Illinois Appellate Court Decision Discusses Issues of Apparent Agency and Admissibility of Practice Algorithms
In a medical liability case tried in Cook County, the issues of apparent agency between a physician and hospital and the admissibility of medical literature at trial were reviewed by the First District Appellate Court. The case, Fragogiannis v. Sisters of St. Francis Health Services Inc., 2015 IL App (1st) 141788, involved an emergency room patient who was intubated following an extreme attack of asthma. During the initial intubation attempt, the patient vomited. Despite efforts to re-intubate, the patient ultimately suffered cerebral hypoxia and brain death. A $4.7 million verdict was returned by the jury in favor of the patient’s estate.
The plaintiff claim that the emergency room physician, who was an independent contractor, acted as an “apparent agent” of the hospital. The appellate court examined the language in the patient consent where it was acknowledged that all medical decisions were those of the physician, an independent contractor, and not the hospital. Despite this language, the court concluded that an executed consent, signed by a family member, was insufficient to serve as a basis to dismiss the legal claim that the emergency room physician was an “apparent agent” of the hospital. In cases where apparent agency is alleged, courts look to factors such as the posting of signs alerting patients to the fact that physicians working in the hospital are not hospital employees, patient acknowledgment of such relationships in written consent documents and the absence of any other evidence suggesting that a physician is an agent or employee of the hospital. In Fragogiannis, the court focused upon the fact that the consent was not only signed by the decedent’s son but was executed after the patient was apparently brain dead. The court noted that “a third party signing a consent form after the negligence has occurred and after the patient is brain dead would not inform any unsuspecting patient that the four doctors that treated the individual were independent contractors.” Fragogiannis, 2015 IL App (1st) 141788, ¶22.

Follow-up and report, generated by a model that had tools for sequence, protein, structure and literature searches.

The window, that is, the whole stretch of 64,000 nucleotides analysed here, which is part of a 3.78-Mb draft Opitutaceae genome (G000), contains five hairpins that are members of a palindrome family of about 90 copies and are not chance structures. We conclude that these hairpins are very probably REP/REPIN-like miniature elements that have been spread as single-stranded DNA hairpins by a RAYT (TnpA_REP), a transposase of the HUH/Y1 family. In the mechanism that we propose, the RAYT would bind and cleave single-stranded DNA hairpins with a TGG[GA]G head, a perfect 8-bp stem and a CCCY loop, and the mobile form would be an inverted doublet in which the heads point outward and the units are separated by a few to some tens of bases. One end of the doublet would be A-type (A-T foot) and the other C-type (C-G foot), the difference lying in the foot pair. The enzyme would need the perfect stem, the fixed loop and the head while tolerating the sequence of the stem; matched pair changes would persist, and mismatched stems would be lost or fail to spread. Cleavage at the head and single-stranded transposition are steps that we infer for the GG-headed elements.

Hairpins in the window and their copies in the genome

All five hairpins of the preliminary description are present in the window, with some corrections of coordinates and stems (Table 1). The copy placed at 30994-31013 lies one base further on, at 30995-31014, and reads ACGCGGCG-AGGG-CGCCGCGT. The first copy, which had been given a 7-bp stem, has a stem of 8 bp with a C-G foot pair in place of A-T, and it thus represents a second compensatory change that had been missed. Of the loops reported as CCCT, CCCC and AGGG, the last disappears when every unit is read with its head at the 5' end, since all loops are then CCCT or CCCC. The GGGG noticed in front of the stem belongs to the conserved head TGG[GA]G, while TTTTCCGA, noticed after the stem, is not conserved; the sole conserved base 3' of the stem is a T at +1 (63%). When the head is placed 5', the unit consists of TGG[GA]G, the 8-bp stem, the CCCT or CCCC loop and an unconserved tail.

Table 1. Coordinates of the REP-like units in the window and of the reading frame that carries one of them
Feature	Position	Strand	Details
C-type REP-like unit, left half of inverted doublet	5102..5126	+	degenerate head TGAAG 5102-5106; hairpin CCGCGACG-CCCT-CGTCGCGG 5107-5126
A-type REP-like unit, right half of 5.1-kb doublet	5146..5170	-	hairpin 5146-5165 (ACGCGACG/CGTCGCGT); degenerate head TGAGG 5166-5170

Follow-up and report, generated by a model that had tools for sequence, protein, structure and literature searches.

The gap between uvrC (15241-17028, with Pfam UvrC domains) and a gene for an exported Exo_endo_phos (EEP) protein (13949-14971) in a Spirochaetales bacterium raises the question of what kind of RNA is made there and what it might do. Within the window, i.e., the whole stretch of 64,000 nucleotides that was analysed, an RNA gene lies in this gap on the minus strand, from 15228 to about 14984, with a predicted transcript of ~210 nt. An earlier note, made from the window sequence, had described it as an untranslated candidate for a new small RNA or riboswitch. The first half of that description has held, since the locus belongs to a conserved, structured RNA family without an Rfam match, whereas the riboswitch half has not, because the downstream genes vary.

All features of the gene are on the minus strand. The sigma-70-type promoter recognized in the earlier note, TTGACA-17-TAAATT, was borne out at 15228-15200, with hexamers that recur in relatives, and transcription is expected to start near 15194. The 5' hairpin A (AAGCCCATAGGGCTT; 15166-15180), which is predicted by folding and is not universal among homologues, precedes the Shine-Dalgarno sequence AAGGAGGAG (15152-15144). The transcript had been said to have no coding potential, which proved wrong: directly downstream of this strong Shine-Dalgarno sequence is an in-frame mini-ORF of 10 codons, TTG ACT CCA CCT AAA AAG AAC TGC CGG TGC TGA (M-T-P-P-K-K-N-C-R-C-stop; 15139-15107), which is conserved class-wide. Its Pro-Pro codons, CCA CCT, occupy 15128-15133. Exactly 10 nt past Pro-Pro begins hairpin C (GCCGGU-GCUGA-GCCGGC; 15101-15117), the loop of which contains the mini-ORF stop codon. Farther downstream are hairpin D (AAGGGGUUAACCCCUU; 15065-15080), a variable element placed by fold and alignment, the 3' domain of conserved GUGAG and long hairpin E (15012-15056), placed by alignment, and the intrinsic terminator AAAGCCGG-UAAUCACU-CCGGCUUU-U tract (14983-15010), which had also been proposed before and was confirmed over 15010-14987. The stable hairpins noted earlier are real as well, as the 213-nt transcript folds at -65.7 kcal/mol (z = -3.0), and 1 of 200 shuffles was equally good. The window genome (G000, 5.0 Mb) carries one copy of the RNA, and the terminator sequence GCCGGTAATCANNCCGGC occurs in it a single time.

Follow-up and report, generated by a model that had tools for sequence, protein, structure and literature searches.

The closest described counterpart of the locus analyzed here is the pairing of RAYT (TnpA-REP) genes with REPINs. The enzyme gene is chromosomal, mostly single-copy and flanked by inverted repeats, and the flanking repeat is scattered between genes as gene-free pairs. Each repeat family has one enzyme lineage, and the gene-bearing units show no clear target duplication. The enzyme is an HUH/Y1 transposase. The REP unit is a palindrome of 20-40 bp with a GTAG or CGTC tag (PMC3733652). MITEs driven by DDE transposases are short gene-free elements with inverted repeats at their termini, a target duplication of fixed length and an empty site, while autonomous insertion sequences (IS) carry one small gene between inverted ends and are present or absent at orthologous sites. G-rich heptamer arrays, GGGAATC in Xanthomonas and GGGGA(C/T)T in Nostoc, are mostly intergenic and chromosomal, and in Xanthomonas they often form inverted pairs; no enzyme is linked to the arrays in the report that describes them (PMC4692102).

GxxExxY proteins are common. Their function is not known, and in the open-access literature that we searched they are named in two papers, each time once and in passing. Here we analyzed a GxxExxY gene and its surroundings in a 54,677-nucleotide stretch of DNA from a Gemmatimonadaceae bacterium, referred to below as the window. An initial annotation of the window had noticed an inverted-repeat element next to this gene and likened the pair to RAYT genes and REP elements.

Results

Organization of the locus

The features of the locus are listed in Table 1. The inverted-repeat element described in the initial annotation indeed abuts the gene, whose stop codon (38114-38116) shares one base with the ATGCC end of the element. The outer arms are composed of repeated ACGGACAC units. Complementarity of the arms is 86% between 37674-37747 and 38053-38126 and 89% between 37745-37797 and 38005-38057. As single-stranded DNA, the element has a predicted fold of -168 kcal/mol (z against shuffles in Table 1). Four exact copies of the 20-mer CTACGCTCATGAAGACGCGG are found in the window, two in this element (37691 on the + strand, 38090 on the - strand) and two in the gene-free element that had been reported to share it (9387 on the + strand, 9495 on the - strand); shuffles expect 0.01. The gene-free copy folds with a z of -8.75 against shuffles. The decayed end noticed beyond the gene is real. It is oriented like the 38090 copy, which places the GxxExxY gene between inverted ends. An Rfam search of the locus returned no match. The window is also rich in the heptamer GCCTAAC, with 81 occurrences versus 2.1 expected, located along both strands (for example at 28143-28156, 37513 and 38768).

The second issue on appeal was the admissibility of excerpts from the Manual of Emergency Airway Management. At trial, it was admitted that the manual was “’standard,’ ‘well-respected,’ ‘a very good book,’ ‘a standard book’ and ‘a good source.’” Id. ¶28. However, there was no admission that the manual was “authoritative.” In fact, language from the manual itself stated that an intubation algorithm recommended to practitioners “cannot be considered to be scientifically proven as the only or even necessarily the best way to approach any one clinical problem or patient.” Id. ¶33. Despite such language, the court concluded that it was appropriate to read from the manual at trial, for purposes of cross examining defense experts and not for the purpose of expressing the applicable standard of care. Both the hospital and the emergency room physician objected at trial because plaintiffs’ counsel read the algorithm, verbatim, as if it was an expression of the appropriate standard of care for emergent intubation when the Manual itself made no such claim.
As of the writing of this article, the defendants have filed a Petition for Leave to Appeal with the Illinois Supreme Court.